Certain industries have low barriers to entry, while other industries have high barriers to entry. Industries with high barriers to entry tend to receive high multiples because the buyer considers businesses in these industries to be difficult to replicate. In other words, they are not fungible.

If a company views your business as fungible, it will pay a lower price than if it were not.

Competitors also compare the cost of investing in your business with the cost of other corporate development options, such as joint ventures, partnerships, or strategic alliances. This does not apply to private equity firms unless they own a competitive business in their portfolio.

Buyer Types & Fungibility

Knowing the potential types of buyers for your business can help you maximize your sale price and properly market your business for sale to the right audience when the time comes, setting it apart from others like it.

The following is a list of differentiating factors that can increase the value of your business and make it appear less fungible:

  • Absentee business
  • Advantageous contracts with suppliers, vendors, or other third parties
  • A business that can be easily relocated
  • Cost advantages that are difficult to replicate
  • Custom software
  • Customer loyalty
  • Distributor or supplier agreements
  • First movers in industries with network effects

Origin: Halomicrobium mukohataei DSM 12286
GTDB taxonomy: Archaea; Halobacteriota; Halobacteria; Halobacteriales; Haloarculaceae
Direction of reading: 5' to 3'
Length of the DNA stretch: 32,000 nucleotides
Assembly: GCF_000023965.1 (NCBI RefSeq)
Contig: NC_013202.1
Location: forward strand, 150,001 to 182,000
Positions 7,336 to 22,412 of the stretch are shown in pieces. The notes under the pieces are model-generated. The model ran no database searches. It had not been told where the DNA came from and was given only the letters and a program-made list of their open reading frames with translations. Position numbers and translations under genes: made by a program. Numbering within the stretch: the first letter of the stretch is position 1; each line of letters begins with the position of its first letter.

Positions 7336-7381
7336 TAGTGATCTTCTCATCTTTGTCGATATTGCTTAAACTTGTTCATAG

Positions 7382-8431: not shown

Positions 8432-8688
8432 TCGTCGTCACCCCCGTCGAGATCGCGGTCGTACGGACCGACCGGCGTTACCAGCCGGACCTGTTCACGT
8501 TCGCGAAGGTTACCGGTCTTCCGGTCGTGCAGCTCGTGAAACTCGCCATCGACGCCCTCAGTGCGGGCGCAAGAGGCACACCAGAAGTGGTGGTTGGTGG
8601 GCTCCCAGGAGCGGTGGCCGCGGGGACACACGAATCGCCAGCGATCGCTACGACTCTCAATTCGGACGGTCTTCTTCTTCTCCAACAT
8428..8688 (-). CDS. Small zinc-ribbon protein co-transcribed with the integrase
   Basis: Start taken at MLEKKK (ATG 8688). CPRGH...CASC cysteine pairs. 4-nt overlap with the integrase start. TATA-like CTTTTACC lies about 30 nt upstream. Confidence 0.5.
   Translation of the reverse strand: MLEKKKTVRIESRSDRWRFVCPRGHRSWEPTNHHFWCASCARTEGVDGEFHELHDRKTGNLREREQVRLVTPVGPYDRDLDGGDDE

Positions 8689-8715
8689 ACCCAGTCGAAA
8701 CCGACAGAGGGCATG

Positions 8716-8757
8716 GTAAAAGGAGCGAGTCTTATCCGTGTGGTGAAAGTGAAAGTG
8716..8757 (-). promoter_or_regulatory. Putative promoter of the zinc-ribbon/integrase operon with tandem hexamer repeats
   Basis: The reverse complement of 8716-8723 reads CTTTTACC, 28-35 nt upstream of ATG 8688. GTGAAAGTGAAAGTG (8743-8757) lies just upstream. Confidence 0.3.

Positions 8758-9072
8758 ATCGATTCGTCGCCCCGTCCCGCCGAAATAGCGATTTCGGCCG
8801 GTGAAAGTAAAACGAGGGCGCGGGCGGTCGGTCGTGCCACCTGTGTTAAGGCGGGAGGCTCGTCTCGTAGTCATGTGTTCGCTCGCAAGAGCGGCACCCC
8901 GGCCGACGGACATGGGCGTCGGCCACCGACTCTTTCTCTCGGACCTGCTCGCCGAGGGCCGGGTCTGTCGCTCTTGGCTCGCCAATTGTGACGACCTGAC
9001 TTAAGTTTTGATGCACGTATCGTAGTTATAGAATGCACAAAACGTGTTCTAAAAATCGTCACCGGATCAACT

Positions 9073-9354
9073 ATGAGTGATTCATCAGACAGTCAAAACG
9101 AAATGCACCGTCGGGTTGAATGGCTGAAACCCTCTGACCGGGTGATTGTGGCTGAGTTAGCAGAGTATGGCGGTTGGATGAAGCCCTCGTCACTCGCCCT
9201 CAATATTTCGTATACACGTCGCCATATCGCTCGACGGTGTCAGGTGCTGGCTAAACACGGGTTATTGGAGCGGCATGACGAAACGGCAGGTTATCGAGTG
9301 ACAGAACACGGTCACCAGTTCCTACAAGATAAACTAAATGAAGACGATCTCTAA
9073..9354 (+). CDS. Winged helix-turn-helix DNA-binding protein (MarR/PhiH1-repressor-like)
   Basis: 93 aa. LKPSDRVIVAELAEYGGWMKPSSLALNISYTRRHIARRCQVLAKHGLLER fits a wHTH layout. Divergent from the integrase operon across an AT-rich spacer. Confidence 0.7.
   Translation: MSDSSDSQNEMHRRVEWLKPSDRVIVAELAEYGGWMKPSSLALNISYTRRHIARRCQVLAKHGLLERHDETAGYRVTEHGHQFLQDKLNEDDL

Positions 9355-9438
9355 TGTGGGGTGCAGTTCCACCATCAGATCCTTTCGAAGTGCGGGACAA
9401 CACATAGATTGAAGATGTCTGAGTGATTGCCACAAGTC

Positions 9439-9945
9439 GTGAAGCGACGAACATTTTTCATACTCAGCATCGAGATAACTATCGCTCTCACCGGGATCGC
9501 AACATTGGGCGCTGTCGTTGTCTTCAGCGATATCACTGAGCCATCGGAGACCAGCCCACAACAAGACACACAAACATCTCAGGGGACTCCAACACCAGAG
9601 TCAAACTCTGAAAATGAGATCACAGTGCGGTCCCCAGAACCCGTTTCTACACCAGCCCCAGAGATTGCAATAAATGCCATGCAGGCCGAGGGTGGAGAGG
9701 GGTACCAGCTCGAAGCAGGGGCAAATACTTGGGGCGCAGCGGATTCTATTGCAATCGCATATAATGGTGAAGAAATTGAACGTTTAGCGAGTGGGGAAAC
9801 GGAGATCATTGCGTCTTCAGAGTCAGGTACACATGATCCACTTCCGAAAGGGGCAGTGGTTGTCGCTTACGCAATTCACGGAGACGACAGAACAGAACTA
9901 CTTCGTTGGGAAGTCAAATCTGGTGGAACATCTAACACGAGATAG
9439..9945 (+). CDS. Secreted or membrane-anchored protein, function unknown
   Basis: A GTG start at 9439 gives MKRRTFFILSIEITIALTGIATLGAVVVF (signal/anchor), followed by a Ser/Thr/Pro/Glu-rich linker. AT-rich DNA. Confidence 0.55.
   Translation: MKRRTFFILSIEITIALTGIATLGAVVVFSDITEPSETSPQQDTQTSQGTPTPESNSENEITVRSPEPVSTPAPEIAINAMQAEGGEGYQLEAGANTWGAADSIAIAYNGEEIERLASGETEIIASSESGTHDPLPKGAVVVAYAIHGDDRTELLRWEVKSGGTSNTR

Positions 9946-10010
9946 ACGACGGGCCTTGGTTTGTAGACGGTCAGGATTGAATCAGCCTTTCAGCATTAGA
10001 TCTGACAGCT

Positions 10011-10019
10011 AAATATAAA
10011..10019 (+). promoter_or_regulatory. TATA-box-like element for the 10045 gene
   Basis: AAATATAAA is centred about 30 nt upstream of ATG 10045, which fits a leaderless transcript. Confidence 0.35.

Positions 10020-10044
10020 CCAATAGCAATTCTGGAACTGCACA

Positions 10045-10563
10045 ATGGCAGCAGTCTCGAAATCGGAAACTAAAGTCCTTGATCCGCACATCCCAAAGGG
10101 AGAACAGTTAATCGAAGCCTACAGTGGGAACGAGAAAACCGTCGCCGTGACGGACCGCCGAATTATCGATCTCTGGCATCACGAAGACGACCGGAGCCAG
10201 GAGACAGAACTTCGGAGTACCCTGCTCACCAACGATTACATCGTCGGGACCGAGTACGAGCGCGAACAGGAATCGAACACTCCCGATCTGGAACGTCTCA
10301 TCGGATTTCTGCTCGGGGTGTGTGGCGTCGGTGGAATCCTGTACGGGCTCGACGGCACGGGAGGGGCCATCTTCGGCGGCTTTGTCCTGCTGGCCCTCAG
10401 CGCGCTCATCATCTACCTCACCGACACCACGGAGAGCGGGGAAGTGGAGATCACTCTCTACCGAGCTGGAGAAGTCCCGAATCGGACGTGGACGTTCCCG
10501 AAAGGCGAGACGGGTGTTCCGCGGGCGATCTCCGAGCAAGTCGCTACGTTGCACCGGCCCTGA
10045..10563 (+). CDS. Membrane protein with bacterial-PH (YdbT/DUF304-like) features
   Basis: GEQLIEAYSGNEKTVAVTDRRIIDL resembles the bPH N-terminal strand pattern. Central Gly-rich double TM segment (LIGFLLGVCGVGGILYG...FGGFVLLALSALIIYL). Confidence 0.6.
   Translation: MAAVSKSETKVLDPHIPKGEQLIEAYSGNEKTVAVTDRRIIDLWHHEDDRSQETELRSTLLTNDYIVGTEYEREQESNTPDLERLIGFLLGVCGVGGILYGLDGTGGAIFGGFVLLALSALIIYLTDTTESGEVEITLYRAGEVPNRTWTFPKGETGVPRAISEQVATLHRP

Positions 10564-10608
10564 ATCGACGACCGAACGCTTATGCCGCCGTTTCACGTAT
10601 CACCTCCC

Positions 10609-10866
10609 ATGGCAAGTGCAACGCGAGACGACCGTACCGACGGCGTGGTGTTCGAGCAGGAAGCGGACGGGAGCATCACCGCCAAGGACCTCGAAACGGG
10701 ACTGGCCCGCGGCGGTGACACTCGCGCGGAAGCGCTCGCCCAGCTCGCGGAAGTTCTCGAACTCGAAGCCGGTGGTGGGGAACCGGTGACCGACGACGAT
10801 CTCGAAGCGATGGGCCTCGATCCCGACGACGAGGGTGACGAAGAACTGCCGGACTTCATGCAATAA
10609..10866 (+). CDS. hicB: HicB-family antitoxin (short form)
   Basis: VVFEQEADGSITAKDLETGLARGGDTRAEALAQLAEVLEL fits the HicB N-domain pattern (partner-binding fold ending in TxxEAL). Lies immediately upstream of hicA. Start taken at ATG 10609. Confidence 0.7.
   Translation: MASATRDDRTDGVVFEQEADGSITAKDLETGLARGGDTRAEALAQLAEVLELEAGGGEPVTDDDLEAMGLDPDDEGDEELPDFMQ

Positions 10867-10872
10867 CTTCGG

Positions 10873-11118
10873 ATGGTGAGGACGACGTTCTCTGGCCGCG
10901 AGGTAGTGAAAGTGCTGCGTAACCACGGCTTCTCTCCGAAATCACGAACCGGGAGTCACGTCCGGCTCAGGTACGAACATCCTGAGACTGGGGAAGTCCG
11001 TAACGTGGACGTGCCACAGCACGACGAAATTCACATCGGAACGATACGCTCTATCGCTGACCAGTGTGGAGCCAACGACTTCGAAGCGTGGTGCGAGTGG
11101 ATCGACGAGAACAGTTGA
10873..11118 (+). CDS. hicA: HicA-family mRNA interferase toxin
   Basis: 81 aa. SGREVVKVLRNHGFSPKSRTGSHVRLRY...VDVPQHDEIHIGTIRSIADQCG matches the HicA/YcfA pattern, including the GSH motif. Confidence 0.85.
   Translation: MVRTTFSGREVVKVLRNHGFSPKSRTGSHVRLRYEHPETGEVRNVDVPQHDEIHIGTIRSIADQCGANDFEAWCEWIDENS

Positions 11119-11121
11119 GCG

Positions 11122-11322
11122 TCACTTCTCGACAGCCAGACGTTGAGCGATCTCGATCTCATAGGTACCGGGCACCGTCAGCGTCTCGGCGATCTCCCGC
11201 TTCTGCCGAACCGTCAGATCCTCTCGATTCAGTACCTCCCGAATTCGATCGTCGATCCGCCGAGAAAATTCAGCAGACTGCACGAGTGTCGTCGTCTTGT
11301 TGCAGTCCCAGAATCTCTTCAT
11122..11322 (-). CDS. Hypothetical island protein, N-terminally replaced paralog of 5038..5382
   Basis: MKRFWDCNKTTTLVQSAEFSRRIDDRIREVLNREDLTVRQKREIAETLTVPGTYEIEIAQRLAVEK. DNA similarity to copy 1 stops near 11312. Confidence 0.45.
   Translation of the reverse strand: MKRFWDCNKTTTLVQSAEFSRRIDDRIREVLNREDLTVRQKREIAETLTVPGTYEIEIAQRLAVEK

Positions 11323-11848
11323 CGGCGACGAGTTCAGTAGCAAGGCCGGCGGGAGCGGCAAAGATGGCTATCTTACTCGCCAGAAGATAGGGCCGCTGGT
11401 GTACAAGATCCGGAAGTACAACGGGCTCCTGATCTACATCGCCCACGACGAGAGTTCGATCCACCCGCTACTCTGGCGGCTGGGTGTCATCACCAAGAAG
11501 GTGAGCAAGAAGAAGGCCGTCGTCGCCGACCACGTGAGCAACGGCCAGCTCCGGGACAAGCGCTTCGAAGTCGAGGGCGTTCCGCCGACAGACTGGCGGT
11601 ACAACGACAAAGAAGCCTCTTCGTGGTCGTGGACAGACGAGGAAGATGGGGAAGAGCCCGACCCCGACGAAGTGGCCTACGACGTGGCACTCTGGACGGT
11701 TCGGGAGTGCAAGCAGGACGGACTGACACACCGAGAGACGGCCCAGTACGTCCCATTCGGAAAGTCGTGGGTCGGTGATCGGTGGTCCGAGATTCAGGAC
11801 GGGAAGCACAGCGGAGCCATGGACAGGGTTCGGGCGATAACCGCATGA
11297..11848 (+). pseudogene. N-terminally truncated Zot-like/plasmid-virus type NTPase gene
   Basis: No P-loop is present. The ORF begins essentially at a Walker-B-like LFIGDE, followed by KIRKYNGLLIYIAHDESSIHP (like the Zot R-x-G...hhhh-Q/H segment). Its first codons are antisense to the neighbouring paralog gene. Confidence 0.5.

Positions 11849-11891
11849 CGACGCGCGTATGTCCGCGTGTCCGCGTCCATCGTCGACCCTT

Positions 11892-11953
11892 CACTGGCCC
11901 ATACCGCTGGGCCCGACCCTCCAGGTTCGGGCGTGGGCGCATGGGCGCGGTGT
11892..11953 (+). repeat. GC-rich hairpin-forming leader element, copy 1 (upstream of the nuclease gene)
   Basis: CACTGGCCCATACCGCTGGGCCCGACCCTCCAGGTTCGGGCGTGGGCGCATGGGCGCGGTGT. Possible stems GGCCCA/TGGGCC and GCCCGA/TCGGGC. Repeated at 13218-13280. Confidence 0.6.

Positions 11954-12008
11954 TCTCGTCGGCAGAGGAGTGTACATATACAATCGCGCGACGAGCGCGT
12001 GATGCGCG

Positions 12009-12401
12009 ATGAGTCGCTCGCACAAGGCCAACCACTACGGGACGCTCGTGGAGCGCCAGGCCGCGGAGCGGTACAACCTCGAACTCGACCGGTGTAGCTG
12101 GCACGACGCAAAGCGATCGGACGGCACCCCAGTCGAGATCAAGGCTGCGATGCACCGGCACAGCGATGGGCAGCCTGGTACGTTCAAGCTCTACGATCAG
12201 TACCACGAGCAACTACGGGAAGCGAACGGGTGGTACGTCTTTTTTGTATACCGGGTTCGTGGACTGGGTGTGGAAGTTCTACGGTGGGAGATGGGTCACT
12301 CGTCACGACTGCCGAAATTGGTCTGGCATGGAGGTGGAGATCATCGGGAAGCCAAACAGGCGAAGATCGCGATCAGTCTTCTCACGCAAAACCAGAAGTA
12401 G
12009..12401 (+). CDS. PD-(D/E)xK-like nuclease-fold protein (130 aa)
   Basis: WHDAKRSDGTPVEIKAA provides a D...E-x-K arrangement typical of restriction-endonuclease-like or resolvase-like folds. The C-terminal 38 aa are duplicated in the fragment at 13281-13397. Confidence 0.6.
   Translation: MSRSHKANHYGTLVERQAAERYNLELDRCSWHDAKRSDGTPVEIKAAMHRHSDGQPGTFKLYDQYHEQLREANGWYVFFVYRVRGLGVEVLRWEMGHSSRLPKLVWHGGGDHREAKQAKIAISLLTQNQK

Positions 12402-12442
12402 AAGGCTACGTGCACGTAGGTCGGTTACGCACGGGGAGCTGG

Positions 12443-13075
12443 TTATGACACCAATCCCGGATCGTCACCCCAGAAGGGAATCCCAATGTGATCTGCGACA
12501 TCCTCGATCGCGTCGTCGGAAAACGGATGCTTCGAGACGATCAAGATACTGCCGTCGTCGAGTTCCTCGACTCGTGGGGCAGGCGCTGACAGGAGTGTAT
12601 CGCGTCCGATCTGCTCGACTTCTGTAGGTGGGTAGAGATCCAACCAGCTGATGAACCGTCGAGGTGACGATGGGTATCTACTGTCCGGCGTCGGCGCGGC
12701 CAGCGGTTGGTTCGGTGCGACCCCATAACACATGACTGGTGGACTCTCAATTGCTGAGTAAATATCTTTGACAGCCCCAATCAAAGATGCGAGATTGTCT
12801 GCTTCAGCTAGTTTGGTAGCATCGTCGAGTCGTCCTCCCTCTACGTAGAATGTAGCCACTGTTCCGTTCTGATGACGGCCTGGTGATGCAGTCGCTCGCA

• Government regulations that restrict competition due to high barriers to entry
  • High switching costs for customers
  • Intellectual property, such as patents or trade secrets
  • Licensing requirements that inhibit competitors from entering the market
  • Long-term contracts with customers
  • Minimal customer concentration
  • Minimal seasonality
  • Prime location with a long-term lease for retail businesses
  • Proprietary technology
  • Recurring revenue
  • Repeat customer base
  • Short cash-flow cycle
  • Significant barriers to entry
  • Stable customer base
  • Steady, long-term revenue growth
  • Trained management team
  • Website with high search engine rankings

When planning to sell your company, you want to make it as attractive as possible to the buyer so you receive the highest price possible. To do so, make sure you show how your business is unique or how difficult your business would be to replicate.

In other words, you want to make sure your business isn’t fungible so that a buyer will choose to purchase your business instead of another one they may be considering.

If you’re unsure what to highlight about your business, a professional can help you with the process. They will know what sells and what doesn’t, so they can get you on your way to selling your business for the best price.